For many, Aleister Crowley is little more than a satanist. He was known in his own time as “the wickedest man in the world,” and even identified himself as “the beast, 666.” However, it’s important to recognize that Crowley’s own words were often ironic and dramatic, and that Crowley was not, in any strict sense, a satanist or “devil-worshipper.” He was, however, one of the most important occultists in recent history. He even developed his own magickal religion called Thelema, the Greek word for “will,” which contains one of the most misunderstood maxims of all time—“do what thou wilt shall be the whole of the law.” Crowley’s research and experimentation into magick continues to inspire spiritual seekers and to provoke religious traditionalists to this day.
As a student of religious studies, I have an interest in Crowley’s historical significance. But as a paranormal podcaster, I find Crowley’s connection to the history of ufology downright fascinating. In fact, the connections between magick and UFO phenomena have a long history. The modern connection between UFOs and the occult began in 1917-1918, when Aleister Crowley performed a ritual called the “Amalantrah working” in a NYC apartment. This ritual supposedly opened a portal for extra-dimensional entities to visit our world. The being that came through looks eerily similar to the classic “grey” alien. This entity is known in occult circles as “Lam,” pictured below.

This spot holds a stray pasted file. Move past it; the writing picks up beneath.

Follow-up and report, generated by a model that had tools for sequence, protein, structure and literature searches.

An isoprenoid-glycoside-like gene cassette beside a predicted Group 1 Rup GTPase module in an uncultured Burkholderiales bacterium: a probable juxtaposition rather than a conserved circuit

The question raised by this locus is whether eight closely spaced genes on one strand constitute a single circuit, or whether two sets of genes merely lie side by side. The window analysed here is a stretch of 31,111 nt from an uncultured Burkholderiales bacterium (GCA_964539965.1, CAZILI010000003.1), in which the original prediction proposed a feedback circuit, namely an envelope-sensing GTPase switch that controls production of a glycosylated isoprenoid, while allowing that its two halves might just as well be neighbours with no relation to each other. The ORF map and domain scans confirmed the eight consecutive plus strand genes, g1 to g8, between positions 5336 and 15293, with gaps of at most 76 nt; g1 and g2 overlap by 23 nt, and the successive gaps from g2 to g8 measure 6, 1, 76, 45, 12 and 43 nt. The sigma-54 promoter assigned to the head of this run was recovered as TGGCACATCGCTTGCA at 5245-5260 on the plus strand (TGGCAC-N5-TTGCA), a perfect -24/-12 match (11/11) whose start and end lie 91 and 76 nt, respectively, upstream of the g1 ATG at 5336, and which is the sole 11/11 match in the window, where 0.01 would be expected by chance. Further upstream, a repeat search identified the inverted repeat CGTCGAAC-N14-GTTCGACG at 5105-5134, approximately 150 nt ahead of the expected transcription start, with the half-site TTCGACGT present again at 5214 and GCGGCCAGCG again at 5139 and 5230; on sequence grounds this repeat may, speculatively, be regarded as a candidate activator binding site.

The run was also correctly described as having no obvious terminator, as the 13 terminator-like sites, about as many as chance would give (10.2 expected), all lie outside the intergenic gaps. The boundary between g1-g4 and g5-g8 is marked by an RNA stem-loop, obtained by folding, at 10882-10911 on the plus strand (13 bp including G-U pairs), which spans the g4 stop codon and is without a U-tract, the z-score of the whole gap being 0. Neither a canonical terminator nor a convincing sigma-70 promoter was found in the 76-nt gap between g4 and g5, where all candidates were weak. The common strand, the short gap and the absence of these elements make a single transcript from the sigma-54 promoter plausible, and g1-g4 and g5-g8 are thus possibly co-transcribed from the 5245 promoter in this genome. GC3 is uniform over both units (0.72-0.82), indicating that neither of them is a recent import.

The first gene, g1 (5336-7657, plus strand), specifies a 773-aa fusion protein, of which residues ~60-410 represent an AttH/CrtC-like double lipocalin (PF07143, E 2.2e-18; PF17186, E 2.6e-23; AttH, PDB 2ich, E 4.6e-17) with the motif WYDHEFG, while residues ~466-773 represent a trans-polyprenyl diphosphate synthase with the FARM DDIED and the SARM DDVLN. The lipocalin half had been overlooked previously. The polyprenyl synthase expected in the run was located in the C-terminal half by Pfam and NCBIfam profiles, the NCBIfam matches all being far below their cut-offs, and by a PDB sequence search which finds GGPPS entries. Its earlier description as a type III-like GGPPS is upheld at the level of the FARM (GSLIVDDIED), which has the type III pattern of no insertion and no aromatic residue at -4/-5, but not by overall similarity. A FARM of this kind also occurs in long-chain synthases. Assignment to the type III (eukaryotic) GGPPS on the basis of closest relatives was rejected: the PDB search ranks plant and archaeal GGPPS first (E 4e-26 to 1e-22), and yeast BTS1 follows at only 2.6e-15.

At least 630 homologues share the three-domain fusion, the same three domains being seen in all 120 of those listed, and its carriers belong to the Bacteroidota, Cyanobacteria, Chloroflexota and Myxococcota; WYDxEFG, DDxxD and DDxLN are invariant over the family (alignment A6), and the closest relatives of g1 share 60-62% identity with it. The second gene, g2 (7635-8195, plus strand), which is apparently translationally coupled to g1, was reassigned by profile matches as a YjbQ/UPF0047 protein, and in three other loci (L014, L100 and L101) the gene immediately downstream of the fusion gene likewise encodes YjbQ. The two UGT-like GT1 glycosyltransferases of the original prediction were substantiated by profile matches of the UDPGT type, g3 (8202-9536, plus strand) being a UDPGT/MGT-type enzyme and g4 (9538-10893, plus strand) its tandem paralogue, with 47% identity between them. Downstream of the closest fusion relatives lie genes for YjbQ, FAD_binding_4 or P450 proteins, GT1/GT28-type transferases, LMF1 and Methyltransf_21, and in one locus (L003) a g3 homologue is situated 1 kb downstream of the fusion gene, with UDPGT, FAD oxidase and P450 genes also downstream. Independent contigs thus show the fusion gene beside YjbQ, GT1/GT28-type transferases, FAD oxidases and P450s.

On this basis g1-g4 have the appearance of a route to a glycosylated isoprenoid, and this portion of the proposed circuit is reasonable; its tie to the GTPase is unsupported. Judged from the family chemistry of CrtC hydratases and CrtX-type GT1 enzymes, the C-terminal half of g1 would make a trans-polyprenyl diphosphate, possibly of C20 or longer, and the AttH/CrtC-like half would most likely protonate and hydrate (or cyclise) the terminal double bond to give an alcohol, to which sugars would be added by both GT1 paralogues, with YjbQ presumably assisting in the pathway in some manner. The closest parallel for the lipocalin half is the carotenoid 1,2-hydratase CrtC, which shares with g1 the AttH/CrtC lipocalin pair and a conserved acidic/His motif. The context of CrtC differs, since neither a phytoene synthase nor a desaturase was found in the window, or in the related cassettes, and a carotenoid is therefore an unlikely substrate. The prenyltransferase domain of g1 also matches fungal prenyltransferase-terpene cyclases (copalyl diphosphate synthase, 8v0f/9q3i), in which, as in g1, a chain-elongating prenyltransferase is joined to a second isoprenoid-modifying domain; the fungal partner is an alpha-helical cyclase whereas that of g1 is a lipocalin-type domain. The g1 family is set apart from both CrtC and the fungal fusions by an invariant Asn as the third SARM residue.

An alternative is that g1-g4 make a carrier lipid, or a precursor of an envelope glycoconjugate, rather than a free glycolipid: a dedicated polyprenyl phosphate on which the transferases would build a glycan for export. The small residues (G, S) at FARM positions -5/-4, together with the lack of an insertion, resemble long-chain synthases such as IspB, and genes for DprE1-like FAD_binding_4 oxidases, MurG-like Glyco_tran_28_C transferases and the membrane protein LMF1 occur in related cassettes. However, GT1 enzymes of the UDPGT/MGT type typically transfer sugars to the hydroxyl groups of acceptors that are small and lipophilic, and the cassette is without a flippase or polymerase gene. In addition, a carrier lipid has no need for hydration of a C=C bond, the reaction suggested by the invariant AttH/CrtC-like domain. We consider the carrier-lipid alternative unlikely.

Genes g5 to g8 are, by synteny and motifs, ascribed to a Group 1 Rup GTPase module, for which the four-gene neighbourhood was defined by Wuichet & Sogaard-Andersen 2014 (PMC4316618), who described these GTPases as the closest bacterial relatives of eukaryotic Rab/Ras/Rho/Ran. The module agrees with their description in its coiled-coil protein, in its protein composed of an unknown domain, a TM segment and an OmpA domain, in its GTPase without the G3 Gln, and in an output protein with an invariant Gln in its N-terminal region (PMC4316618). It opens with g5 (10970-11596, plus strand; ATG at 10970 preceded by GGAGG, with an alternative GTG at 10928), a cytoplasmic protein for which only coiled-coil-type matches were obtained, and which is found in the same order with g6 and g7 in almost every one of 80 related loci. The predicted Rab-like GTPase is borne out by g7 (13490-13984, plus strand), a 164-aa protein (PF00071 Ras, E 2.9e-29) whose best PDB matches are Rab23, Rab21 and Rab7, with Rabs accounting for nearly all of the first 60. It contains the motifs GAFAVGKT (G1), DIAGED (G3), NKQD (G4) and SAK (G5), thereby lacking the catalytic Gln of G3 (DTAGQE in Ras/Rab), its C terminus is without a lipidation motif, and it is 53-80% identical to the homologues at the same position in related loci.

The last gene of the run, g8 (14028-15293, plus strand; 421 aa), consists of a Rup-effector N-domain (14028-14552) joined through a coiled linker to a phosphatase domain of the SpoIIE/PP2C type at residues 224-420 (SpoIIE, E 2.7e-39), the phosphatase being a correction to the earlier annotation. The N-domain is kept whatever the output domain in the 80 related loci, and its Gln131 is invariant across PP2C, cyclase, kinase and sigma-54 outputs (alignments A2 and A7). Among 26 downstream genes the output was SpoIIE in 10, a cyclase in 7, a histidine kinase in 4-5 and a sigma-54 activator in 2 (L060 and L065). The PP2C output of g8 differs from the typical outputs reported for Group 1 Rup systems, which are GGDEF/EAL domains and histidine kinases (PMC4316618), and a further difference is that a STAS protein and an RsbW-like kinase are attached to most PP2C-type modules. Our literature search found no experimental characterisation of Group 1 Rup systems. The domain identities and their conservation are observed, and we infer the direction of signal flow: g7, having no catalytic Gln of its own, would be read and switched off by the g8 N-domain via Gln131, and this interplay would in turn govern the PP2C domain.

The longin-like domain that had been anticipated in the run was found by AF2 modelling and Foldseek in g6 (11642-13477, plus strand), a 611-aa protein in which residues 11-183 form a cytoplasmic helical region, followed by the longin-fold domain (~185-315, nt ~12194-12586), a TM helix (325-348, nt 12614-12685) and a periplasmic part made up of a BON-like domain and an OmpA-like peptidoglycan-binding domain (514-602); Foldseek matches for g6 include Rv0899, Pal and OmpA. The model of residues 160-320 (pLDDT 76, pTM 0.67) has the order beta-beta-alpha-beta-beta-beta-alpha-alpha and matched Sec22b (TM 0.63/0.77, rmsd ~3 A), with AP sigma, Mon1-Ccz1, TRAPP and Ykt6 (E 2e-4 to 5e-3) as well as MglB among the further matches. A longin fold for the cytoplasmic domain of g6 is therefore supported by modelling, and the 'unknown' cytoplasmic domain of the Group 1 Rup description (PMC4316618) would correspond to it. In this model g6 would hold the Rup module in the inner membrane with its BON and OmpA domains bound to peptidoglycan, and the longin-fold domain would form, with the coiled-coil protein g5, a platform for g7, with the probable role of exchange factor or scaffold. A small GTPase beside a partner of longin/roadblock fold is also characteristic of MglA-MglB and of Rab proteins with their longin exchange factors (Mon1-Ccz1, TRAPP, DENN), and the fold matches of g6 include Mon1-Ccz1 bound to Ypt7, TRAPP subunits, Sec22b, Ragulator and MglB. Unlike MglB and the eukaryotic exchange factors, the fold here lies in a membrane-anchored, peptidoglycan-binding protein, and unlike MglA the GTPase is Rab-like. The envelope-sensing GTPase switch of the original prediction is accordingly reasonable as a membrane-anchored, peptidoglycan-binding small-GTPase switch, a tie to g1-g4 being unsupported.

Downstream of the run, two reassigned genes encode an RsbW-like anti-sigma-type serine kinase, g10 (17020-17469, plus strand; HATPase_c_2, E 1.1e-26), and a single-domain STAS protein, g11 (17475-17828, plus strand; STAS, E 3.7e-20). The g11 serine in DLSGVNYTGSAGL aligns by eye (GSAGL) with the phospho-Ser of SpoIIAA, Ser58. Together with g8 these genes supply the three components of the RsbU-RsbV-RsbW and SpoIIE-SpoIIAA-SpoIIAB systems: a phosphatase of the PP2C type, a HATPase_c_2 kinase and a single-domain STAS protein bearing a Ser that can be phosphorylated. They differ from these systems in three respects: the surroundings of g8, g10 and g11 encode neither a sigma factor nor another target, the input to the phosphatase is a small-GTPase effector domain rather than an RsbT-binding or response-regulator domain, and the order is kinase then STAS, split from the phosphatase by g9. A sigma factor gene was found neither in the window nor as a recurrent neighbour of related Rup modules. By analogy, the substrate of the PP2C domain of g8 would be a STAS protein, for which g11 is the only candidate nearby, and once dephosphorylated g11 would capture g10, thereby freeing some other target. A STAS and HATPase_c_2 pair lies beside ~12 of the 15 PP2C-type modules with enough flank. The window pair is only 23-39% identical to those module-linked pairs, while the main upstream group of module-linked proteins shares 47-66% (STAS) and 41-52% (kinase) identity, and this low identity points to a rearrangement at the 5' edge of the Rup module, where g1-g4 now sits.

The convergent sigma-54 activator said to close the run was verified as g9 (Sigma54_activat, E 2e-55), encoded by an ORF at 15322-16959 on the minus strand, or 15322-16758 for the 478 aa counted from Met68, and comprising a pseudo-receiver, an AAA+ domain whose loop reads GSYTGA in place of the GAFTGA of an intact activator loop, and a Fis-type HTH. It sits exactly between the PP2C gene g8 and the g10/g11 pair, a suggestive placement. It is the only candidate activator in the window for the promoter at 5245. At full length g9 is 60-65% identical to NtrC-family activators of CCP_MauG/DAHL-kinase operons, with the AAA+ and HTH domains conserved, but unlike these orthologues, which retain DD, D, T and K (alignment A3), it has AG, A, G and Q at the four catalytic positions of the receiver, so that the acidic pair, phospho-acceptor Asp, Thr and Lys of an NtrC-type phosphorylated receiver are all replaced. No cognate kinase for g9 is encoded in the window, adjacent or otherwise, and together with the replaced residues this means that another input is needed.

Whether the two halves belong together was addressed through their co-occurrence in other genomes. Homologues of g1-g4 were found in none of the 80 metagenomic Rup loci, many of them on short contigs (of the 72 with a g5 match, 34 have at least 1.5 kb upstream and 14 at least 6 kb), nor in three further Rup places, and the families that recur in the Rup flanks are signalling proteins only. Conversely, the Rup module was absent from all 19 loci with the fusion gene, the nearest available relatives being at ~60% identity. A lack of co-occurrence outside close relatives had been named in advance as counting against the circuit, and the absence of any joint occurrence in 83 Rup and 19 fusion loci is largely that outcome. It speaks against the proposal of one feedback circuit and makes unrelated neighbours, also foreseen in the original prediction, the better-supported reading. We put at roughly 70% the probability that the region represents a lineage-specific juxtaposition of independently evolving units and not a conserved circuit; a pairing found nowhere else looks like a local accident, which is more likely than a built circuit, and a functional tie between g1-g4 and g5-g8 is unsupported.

Lam has a long history in occult circles and ufogical circles alike. Kenneth Grant has formalized magickal work dealing with Lam in the Typhonian order, an offshoot of Crowley’s original Ordo Templi Orientalis. Additionally, Allen Greenfield, a former practitioner of Thelema, has written about the intersection of ritual magick and UFO phenomena in The Secret Cipher of the UFOnauts. Greenfield too, has been involved in the paranormal documentary series HELLIER, which tracks an investigation into cryptids and extraterrestrials that quickly turns toward the occult, featuring a Thelemic cipher that corresponds to information in Crowley’s Book of the Law.